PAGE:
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Even Steven Spielberg Can't Pull Off Mo-Cap in 'Tintin' (Review)

Netflix Instant can’t wash your car. An IMAX sound system can’t pilot an aircraft carrier. And motion-capture animation can’t make non-creepy-looking human characters. All that may change one day, but the technology hasn’t yet caught up. //www.thewrap.com/column-post/tintin-should-have-stayed-two-dimensional-33822

An Exceptional Series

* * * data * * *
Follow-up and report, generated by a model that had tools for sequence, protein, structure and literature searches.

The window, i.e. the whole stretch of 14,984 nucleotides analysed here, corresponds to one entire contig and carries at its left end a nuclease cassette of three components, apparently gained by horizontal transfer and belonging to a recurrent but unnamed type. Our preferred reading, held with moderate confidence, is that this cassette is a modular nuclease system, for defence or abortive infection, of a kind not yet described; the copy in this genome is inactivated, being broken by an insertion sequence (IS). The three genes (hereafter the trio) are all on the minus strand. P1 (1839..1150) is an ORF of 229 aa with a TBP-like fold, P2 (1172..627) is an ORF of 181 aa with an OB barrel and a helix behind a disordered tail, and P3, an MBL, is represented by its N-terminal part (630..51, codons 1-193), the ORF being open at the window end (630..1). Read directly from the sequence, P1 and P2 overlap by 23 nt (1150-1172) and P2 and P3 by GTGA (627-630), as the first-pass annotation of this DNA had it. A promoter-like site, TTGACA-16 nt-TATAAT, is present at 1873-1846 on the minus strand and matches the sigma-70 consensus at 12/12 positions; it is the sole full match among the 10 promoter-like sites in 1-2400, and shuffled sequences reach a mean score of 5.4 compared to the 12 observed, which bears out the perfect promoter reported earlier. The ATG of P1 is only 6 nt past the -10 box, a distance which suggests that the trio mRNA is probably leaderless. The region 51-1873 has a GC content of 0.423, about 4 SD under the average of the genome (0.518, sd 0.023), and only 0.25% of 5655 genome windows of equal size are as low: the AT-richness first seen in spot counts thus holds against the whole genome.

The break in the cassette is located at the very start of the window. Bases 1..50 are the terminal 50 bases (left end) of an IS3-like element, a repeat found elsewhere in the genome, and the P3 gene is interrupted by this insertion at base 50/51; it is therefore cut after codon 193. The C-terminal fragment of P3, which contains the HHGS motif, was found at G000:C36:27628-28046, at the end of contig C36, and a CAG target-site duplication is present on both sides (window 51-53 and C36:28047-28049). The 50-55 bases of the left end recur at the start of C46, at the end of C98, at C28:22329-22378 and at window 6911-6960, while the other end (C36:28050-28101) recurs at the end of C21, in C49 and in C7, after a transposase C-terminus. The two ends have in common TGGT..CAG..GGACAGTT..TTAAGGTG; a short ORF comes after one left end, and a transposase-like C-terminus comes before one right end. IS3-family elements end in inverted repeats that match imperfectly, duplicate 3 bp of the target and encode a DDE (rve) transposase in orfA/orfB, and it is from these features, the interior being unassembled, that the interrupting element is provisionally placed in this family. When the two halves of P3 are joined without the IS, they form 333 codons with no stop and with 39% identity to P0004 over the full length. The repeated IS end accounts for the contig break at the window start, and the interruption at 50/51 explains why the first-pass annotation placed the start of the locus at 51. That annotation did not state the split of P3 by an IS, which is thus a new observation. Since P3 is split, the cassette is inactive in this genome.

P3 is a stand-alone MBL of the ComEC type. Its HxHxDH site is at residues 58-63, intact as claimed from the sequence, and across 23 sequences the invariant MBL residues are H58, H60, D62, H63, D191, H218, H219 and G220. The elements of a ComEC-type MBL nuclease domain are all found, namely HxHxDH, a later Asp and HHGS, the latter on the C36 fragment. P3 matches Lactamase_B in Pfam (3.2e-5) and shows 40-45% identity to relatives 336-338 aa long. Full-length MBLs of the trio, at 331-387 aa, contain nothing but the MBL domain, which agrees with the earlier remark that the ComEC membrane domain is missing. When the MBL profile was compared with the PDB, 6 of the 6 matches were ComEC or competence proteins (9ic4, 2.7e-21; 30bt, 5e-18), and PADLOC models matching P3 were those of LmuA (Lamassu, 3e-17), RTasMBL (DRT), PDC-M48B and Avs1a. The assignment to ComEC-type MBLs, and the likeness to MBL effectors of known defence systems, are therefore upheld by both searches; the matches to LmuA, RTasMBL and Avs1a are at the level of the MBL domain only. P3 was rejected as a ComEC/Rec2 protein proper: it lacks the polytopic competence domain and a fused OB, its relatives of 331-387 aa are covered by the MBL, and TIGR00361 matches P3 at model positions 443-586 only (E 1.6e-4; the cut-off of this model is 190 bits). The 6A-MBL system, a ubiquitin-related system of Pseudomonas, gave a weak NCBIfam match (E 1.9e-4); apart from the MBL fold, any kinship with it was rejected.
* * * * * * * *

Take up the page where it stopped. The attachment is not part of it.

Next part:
The Adventures of Tintin (Les Aventures de Tintin) is a series of comic strips created by the Belgian artist Georges Remi (1907 - 1983), who wrote under the pen name of Herge. Tintin is a young Belgian reporter who becomes involved in dangerous cases in which he takes heroic action to save the day. Almost every adventure features Tintin getting caught up in some misadventure. He is a young man of more or less neutral attitudes. He is less colourful than his supporting cast. In this respect, he represents the everyman. The comic strip series has long been admired for its clean, expressive drawings in Herge's signature ligne claire style. Engaging, well-researched plots straddle a variety of genres: swashbuckling adventures with elements of fantasy, mysteries, political thrillers, and science fiction. The stories within the Tintin series always feature slapstick humour, accompanied in later albums by sophisticated satire, and political and cultural commentary. Two animated television series have been made, both adaptations of the comic strips rather than original stories. The first was Herge's Adventures of Tintin, produced by Belvision. The series aired from 1958 to 1962 - 104 five-minute episodes were produced. It was adapted by Charles Shows and then translated into French by Greg (Michel Regnier), then editor-in-chief of Tintin magazine. This series has been criticized for straying too far from the original books and for its poor animation. The second series was The Adventures of Tintin, featuring twenty-one of the stories. It ran for three seasons (from 1991 to 1992), was co-directed by Stephane Bernasconi and Peter Hudecki. This series was produced by Ellipse (France), and Nelvana (Canada), on behalf of La Fondation Hergé. Traditional animation techniques were used on the series, adhering closely to the books to such an extent that some frames from the original albums were transposed directly to screen. The series was commercially successful and has aired in over fifty countries. It was released on DVD and I have enjoyed viewing this second series many times, most recently with my daughter.